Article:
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BenB
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PostPosted: Wed Feb 02, 2005 1:43 pm    Post subject: Re: Rebarreling vs setback Reply with quote

Rechambering is the same as installing a used barrel. Sure it may work fine for a few hundred rounds but not as long as a new barrel. Labor costs will be near the same as installing a new barrel.
Shooting as good as it is now why not try another bullet in attempt to get a bit more grip.

Ben
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PostPosted: Wed Feb 09, 2005 2:05 am    Post subject: Re: Rebarreling vs setback Reply with quote

The problem with a 22/250 is the 14 twist -- hard to go to a much longer bullet.

When setting back, 1/4 inch won't do much for you. The flame cracking goes down the throat much farther than that. To get into fresh steel, I would think 1 1/2 to 2" would be more like it, or you will get just a few hundred rounds out of it.

The negatives, as I see them: I don't know if I'd want a short barrelled 22/250, you would have to go through load development again (those 2" had harmonics, too!), the barrel life would be shorter than before.

In your position, I'd moonlight for somone and build them a little website for cash, and use that money for a new match grade barrel. Hard for the wife to argue with that (if she DID find out....). JMO, Dutch.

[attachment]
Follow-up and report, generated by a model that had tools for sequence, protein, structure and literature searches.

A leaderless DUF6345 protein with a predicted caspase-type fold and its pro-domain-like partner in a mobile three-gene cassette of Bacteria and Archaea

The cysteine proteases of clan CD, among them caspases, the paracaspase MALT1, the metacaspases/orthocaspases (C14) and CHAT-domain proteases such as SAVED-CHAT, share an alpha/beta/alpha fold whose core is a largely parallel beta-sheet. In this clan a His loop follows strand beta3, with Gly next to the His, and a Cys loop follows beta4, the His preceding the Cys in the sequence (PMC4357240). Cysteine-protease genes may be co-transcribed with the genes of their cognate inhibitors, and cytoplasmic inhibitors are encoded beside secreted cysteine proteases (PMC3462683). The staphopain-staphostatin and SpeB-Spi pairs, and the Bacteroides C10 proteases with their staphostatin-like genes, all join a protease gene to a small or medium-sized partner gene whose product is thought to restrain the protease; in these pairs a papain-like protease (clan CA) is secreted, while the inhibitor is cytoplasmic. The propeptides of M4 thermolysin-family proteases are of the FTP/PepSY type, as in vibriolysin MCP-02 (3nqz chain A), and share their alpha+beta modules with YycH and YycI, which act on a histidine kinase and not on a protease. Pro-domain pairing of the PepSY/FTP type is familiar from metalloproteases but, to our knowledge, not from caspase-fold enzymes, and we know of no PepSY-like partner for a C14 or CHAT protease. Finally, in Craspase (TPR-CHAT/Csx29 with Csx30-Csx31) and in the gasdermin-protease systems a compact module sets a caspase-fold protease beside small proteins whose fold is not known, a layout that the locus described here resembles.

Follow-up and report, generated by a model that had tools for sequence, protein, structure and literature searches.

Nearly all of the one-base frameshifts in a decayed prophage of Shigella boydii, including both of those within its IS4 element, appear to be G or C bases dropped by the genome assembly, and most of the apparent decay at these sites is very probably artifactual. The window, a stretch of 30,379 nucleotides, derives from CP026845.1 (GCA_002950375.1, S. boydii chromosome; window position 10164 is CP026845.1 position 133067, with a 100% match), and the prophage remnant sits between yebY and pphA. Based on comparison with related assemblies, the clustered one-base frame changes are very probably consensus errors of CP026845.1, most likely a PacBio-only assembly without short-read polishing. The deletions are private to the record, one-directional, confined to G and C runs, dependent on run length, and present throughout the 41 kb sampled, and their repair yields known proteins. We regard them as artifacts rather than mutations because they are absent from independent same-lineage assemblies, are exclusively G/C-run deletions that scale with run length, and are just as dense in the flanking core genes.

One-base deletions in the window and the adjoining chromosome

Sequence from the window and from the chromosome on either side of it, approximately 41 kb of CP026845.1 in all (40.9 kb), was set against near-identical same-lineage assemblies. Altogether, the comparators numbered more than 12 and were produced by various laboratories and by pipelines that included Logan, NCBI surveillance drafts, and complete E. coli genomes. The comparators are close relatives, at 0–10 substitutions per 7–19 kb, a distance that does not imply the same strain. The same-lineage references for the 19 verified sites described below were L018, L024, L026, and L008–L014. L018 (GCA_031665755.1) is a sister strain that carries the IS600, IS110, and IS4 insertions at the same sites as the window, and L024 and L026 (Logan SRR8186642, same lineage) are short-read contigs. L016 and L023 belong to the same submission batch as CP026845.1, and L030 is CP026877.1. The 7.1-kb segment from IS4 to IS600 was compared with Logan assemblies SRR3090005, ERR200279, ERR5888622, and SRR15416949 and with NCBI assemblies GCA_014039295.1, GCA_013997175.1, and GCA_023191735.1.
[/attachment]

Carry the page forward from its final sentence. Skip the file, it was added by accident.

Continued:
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calsibley
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Joined: Jan 28, 2005
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PostPosted: Sun Mar 20, 2005 8:23 am    Post subject: Re: Rebarreling vs setback Reply with quote

I faced this same problem with my .22-250 and finally opted for a new Hart 26" SS varmint barrel. It was expensive, but I've never regretted it.
I don't think removing a 1/2" of barrel will do it. At least 2", maybe more will probably be required to get past the cracking. How long is the barrel you have on the rifle? You don't require something that looks like a lead pipe. As long as the tube is about .75" at the muzzle you should be okay. The problem with my new barrel is it brings the rifles weight up to about 12lbs., a real bear to lug around. Are you sure your rifle requires seating into the lands for best accuracy. I have a couple of varmint rifles that prefer a jump to the lands. It will gain you a little more space for seating the bullet in the case, but not all that much. Anyway, take your time and select wisely. Best wishes.

Cal - Montreal
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GunsmokeNC
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Joined: Mar 17, 2005
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PostPosted: Sun Mar 20, 2005 7:53 pm    Post subject: Re: Rebarreling vs setback Reply with quote

Buy your wife a really nice, new 22-250! Twisted Evil